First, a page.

A technique called SMaRT (spliceosome-mediated RNA Trans-splicing) has been developed to generate functionally corrected mRNA transcripts and proteins in patients with genetic diseases. In the January issue of Nature Biotechnology, Liu et al. describe the use of SMaRT technology to correct endogenous ΔF508 mutations in the cystic fibrosis transmembrane conductance regulator (CFTR) gene (NatureBiotechnol 2002, 20:47-52).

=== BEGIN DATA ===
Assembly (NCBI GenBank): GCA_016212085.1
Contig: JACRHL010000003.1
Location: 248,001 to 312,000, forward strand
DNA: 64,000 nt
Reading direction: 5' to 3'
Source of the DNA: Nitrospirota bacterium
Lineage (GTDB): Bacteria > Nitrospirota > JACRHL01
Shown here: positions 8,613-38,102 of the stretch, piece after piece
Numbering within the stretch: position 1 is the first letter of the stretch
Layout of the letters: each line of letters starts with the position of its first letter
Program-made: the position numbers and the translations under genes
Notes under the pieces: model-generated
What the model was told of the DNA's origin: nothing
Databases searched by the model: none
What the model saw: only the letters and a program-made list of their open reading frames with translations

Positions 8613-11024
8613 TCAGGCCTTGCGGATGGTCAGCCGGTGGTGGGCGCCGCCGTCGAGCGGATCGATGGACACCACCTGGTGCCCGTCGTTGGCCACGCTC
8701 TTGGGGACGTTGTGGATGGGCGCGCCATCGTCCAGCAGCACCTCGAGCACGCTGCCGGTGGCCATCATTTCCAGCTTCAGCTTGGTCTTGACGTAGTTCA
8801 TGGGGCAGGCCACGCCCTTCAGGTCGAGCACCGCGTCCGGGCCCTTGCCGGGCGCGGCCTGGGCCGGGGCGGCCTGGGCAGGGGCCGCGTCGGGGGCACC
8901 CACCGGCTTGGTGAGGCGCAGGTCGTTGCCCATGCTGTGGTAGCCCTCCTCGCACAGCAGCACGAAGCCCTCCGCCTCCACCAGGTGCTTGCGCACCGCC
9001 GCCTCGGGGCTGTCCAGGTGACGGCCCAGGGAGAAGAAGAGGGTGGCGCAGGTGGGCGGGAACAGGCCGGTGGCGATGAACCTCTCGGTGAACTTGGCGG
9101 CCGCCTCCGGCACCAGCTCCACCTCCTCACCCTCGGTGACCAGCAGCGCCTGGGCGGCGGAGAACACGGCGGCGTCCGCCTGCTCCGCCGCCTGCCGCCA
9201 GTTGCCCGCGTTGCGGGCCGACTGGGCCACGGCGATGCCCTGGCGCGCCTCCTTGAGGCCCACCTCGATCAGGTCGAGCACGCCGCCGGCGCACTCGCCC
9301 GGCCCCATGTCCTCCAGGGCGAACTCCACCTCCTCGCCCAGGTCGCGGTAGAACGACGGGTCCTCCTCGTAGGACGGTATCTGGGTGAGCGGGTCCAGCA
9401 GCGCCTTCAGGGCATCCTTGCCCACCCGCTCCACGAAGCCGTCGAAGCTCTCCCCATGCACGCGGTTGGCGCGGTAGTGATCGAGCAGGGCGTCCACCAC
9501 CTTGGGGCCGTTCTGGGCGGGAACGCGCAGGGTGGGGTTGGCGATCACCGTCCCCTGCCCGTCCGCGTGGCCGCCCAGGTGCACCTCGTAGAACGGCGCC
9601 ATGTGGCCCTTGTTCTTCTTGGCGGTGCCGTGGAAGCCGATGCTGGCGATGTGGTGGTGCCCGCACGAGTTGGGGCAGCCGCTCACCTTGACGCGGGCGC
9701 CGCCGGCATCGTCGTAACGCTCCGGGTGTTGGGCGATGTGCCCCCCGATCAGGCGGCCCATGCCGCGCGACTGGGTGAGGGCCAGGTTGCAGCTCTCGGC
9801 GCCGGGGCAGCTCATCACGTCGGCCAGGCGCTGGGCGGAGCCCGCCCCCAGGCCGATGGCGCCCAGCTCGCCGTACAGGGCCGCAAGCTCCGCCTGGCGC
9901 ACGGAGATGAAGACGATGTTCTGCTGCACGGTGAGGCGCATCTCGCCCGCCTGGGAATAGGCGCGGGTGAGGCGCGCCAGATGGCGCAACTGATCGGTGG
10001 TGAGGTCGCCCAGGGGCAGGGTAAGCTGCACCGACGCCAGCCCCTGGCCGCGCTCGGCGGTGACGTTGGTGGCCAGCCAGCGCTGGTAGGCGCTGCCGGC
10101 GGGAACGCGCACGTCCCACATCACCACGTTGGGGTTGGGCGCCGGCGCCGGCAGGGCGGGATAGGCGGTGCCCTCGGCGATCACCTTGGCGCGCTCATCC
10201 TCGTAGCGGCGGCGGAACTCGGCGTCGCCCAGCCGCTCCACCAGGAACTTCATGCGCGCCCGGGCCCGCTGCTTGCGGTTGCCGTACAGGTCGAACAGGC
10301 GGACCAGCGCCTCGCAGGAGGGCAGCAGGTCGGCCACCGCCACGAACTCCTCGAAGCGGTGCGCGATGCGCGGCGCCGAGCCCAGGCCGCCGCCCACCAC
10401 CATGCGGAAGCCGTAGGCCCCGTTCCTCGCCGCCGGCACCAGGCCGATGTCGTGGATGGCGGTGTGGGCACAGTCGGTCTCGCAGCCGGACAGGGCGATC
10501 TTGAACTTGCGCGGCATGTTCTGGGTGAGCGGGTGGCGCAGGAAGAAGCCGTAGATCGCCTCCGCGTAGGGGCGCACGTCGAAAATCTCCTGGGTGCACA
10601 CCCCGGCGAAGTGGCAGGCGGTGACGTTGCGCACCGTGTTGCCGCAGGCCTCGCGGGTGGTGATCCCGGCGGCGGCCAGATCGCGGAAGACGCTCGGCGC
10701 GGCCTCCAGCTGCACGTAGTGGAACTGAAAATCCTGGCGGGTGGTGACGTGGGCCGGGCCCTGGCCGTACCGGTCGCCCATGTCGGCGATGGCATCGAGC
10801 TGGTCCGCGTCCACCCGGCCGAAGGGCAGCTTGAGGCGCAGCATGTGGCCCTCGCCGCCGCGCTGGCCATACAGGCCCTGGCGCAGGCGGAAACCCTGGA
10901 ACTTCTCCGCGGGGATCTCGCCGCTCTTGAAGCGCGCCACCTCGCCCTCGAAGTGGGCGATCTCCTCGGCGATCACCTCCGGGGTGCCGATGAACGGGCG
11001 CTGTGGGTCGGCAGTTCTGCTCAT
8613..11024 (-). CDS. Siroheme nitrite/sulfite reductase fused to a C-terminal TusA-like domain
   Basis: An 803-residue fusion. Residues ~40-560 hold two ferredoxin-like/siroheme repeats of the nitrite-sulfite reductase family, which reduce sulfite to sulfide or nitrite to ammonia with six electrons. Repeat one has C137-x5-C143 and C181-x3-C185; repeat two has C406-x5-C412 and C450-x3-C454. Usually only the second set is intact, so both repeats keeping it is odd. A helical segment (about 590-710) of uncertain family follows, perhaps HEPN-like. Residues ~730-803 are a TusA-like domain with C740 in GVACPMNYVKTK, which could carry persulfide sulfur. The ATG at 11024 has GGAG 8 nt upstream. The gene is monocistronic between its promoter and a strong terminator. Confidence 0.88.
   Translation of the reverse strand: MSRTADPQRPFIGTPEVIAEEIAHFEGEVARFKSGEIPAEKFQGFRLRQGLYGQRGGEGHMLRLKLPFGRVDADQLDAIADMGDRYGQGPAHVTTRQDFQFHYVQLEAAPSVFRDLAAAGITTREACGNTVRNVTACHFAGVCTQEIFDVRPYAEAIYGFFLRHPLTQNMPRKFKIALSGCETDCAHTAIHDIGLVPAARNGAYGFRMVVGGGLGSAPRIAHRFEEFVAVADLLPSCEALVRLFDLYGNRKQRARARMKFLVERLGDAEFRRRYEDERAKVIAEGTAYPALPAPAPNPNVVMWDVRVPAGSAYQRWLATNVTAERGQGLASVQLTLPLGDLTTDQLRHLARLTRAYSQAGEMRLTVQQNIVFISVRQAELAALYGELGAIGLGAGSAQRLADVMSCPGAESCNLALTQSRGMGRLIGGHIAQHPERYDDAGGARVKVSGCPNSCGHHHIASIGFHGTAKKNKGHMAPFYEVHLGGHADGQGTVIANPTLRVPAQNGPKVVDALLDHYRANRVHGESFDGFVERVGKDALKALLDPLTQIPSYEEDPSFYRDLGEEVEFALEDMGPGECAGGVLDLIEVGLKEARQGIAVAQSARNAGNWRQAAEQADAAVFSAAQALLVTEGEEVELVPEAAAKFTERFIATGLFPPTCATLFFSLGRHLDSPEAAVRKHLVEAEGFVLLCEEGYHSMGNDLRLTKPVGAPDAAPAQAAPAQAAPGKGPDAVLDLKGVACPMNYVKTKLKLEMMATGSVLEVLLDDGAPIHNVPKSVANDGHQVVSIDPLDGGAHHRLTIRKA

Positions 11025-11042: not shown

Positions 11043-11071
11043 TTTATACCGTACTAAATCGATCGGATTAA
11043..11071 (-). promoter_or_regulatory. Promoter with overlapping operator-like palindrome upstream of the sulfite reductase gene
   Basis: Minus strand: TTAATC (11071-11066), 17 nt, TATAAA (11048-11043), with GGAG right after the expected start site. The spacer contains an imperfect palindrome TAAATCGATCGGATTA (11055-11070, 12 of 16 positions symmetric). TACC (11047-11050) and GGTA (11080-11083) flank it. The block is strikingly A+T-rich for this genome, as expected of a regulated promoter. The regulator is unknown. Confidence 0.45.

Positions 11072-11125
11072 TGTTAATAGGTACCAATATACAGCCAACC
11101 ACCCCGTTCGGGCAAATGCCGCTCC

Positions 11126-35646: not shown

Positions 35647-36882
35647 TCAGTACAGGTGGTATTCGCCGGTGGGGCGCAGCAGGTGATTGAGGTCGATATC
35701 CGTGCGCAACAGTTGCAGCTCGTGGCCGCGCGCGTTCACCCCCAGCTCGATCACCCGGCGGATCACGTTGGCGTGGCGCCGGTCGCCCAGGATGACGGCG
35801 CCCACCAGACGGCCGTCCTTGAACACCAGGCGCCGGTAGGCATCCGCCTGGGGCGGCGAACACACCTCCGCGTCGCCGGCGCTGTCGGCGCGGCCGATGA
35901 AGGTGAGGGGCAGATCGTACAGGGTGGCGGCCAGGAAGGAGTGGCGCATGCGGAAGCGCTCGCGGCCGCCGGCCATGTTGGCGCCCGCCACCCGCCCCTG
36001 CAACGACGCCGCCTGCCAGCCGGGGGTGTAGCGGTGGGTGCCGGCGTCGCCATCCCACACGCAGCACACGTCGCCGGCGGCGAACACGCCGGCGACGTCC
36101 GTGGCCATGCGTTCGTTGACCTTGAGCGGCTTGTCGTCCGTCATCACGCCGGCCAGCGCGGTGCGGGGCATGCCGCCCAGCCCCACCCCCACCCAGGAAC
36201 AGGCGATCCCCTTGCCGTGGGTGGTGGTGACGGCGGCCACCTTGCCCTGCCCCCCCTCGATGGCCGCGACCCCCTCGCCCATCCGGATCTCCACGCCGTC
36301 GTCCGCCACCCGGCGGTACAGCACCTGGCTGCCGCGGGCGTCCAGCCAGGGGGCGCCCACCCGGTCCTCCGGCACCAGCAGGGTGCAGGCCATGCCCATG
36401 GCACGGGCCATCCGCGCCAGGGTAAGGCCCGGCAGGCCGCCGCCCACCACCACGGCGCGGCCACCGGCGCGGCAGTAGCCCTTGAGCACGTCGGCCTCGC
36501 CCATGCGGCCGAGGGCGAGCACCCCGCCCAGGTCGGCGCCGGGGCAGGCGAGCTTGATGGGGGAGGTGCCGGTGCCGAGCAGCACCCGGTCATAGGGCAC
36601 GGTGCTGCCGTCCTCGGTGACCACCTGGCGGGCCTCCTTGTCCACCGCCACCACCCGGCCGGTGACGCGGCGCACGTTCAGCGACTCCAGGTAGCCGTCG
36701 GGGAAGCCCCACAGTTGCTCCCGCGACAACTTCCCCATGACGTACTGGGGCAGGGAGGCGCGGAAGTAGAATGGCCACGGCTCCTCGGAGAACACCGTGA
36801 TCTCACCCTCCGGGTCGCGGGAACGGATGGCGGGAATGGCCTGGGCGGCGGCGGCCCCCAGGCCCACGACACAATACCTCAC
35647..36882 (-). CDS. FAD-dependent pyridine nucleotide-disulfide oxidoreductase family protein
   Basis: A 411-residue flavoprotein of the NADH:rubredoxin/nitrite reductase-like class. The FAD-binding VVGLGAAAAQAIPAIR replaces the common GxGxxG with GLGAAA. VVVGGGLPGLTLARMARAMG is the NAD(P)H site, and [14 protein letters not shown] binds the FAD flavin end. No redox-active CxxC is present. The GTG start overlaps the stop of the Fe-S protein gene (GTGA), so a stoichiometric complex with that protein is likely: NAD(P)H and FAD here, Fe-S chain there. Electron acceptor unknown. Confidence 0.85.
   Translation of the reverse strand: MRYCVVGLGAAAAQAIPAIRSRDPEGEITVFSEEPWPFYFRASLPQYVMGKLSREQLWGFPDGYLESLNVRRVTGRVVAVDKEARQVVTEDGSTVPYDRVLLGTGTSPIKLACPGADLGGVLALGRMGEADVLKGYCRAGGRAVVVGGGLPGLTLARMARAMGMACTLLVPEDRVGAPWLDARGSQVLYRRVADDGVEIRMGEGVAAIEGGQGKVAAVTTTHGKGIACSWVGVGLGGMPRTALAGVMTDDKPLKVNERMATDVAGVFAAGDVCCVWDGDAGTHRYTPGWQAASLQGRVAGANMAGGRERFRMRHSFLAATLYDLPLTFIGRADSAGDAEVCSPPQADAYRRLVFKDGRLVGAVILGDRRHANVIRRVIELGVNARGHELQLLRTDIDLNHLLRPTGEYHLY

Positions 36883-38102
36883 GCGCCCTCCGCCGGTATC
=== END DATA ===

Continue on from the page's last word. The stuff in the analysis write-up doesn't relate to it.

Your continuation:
They constructed recombinant adenoviral vectors containing CFTR exons 10-24 and a trans-splicing domain. These could partially restore CFTR chloride ion conductance in ΔF508 airway epithelial cells in vitro. The SMaRT vectors resulted in the expression of corrected CFTR mRNA and protein. Liu et al. also demonstrated functional correction in vivo using a human bronchial xenograft model. These results show the potential feasibility of using SMaRT technology to correct, rather than replace, defective genes.

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